When Saint Leo University launched its Doctor of Business Administration degree program in 2013, it hoped to lure the nation’s best and brightest. That aspiration has been realized with highly intelligent and experienced students joining the first two cohorts. Patrick Plummer is one fine example.
Plummer has already enjoyed a successful career, having started two health care data businesses and subsequently selling them. In his mind, he was always guided to do what was best for medical patients, and he believes that his companies attained that goal. Along the way, he also collaborated with Virginia Commonwealth University professors on a health care strategy textbook, a project that made him begin thinking about giving back to the next generation.
Now age 50, this Mechanicsburg, PA, native decided that he wanted to go back to school and become a professor, so he began looking for just the right program. Over the last several years, he had researched as many as 30 doctoral programs, but none was exactly what he wanted. Then in January 2014, he did another Google search and found Saint Leo. Within 45 minutes of perusing the website, he knew this was the place he wanted to be.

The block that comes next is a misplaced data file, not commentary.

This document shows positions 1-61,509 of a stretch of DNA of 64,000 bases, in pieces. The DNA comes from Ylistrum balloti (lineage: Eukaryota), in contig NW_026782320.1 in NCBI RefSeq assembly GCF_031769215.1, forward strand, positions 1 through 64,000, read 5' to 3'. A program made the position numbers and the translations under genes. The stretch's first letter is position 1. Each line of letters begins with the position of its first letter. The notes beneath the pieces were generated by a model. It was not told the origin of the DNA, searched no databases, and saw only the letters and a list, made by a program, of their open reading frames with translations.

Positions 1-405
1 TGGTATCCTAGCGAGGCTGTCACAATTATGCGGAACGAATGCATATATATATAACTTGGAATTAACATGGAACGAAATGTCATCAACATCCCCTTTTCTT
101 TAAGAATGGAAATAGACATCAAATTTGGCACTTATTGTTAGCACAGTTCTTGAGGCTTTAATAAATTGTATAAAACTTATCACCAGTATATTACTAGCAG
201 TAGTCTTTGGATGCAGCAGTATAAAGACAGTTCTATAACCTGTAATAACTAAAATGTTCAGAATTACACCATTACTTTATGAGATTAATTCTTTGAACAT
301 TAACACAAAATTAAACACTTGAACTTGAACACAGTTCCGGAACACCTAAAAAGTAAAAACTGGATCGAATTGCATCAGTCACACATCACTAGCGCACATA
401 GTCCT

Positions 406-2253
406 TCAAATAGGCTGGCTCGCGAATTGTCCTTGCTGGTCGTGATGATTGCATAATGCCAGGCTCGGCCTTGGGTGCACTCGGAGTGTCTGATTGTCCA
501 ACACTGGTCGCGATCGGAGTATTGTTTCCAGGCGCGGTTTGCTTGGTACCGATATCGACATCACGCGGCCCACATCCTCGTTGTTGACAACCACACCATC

A devout Catholic, Plummer was drawn to Saint Leo’s Catholic identity and Benedictine tradition. He even commented, “If I could be a married priest, I would.” He believes that approaching matters from a Catholic basis always makes things clearer for him.
Having sold that second business in December 2013, Plummer and his wife wanted to have a meaningful family trip for themselves and their two daughters, ages 13 and 14. So in August 2014, they traveled to Italy, where they spent two and a half weeks touring the Vatican and the surrounding sites. They enjoyed seeing the pope give his weekly address, amidst tens of thousands of people. “When Papa Franco appeared,” Plummer remembered, “the crowd roared, like someone had scored a touchdown.” Even with a sudden downpour, no one’s spirit was dampened. They also toured the Sistine Chapel and St. Mark’s Cathedral, and viewed The Last Supper. His daughters agreed: “the best trip ever.”
The trip involved so much history—so much emphasis on God, religion, and faith—that Plummer returned, even more determined to make a difference for young people.“I want students to know that you don’t have to be a schmuck to succeed in business,” he explained. “Sometimes it is hard to absorb that message in corporate America. It is easy to take the wrong path if that’s what you think you have to do.”
Plummer is currently on his way to his dream of being a professor, and his goal is to complete his dissertation by December 2016. For now, he is enjoying his time as a student.
“It is a lot more work than I expected,” he said with a laugh. “There is so much reading, and writing, writing, writing. But having the cohort has been a big surprise. I am amazed at how close we have all become in such a short period of time.”